What is the Cruise Control Cable all about?
The cruise control on most new models is operated by the drive-by-wire system, or the electronic throttle actuator. Before that, cruise control systems utilized a cruise cable that ran from the cruise control servo to the throttle body on fuel injected vehicles or the carburetor on non-fuel injected designs. The cruise control cable is a multi-strand wire inside a rubber-coated flexible metal sheath. One end of the cable is connected directly to the cruise control servo, and the other hooks into the throttle body pivot with a small metal ball on the end of the cable. When a cruise control speed is set, the vacuum-operated or electric servo pulls the cruise control cable and maintains the set speed with minute adjustments. The cruise control cable is routed in a wide arcing pattern so it does not become kinked, which would restrict the cable’s movement inside the sheath. If the cruise control cable is seized or kinked, it will not move freely inside the metal sheath. It can cause the engine to race when the cruise control is deactivated at the cable and doesn’t return to its unset position, instead holding the throttle open. If the ball on the end of the cruise cable breaks off, the cable will no longer attach to the throttle body and the cruise will not set at all.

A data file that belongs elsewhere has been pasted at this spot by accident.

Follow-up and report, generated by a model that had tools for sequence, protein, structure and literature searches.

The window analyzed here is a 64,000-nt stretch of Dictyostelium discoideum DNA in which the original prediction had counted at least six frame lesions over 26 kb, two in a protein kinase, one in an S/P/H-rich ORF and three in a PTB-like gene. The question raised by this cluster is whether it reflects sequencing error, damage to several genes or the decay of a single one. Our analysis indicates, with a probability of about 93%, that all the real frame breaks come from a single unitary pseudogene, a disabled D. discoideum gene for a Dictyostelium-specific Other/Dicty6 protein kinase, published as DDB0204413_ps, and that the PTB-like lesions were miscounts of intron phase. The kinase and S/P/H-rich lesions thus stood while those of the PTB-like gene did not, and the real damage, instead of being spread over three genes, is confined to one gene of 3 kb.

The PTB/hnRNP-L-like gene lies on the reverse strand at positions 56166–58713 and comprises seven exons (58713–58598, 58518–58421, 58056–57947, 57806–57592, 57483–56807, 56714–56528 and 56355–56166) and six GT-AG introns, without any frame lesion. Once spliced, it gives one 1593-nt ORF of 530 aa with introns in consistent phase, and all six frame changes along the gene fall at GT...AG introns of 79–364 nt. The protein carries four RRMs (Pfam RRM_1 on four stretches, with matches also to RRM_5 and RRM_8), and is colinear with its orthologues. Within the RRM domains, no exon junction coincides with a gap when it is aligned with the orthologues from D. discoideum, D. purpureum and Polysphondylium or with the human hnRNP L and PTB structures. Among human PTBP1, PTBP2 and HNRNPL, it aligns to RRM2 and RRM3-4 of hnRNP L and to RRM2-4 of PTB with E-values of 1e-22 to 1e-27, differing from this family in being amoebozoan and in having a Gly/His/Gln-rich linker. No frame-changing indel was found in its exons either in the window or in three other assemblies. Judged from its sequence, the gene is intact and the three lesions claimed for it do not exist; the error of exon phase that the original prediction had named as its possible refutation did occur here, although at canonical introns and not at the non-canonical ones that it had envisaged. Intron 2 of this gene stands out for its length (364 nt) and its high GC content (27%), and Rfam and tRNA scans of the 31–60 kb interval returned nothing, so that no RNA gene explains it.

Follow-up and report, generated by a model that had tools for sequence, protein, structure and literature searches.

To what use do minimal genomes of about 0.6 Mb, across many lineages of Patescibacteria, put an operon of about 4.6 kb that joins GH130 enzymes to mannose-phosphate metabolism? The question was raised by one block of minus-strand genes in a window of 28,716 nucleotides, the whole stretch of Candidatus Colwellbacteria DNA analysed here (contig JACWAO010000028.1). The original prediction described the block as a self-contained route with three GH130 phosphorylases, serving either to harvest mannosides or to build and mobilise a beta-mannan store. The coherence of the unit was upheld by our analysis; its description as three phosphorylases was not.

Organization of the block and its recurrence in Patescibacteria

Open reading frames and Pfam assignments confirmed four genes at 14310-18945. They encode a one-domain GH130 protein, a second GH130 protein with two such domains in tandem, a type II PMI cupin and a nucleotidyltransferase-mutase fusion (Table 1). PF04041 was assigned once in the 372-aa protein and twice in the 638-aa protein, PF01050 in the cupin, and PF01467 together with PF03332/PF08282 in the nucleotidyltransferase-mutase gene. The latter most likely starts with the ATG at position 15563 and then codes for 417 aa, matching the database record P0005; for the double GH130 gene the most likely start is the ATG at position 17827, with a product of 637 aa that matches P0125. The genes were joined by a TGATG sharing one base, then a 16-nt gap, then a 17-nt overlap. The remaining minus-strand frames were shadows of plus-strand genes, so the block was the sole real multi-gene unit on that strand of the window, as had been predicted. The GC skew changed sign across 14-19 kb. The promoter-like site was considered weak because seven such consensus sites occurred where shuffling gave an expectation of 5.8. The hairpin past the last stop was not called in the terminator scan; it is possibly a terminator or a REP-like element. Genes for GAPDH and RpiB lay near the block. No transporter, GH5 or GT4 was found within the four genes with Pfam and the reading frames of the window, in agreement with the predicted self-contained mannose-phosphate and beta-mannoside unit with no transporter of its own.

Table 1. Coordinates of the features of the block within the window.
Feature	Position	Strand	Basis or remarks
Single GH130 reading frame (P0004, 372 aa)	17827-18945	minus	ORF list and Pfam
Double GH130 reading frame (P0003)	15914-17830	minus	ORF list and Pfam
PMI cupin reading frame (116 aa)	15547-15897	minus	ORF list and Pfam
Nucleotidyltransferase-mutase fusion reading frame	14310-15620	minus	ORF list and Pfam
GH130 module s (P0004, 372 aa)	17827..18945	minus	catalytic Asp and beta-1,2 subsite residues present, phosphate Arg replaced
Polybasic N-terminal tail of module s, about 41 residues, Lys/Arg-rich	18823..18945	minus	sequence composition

Keep in mind:
- If the cruise control cable becomes stuck or the throttle will not respond while cruise control is enabled, you can cancel the set speed by turning off the cruise control with the off switch.
How it's done:
The cruise control cable is verified that it needs to be replaced. The battery is disconnected. The throttle cable cover is removed to access the cable.
The defective cruise control cable is disconnected from the throttle and cruise control actuator.
The new cruise control cable is installed and connected to actuator then the throttle.
The throttle cover is reinstalled and battery is reconnected. The cruise control cable is checked for operation.
The vehicle is road tested to ensure proper operation of the cruise control.
The cruise control cable is prone to seizing and can be lubricated when it gets stiff. It would be prudent to include the cruise control cable lubrication in your older vehicle’s maintenance checks. Have one of our expert technicians check the cruise control system if you are having issues, and replace the cable if necessary.
What common symptoms indicate you may need to replace the Cruise Control Cable?
- Throttle will not adjust while cruise control is set
- Cruise control will not set at all
- Engine may race if the cruise control cable gets stuck
How important is this service?
If the cruise control is not operating at all due to the cable, there is no urgency to have it repaired. However, if the throttle is racing due to a cruise control cable issue, have it repaired soon.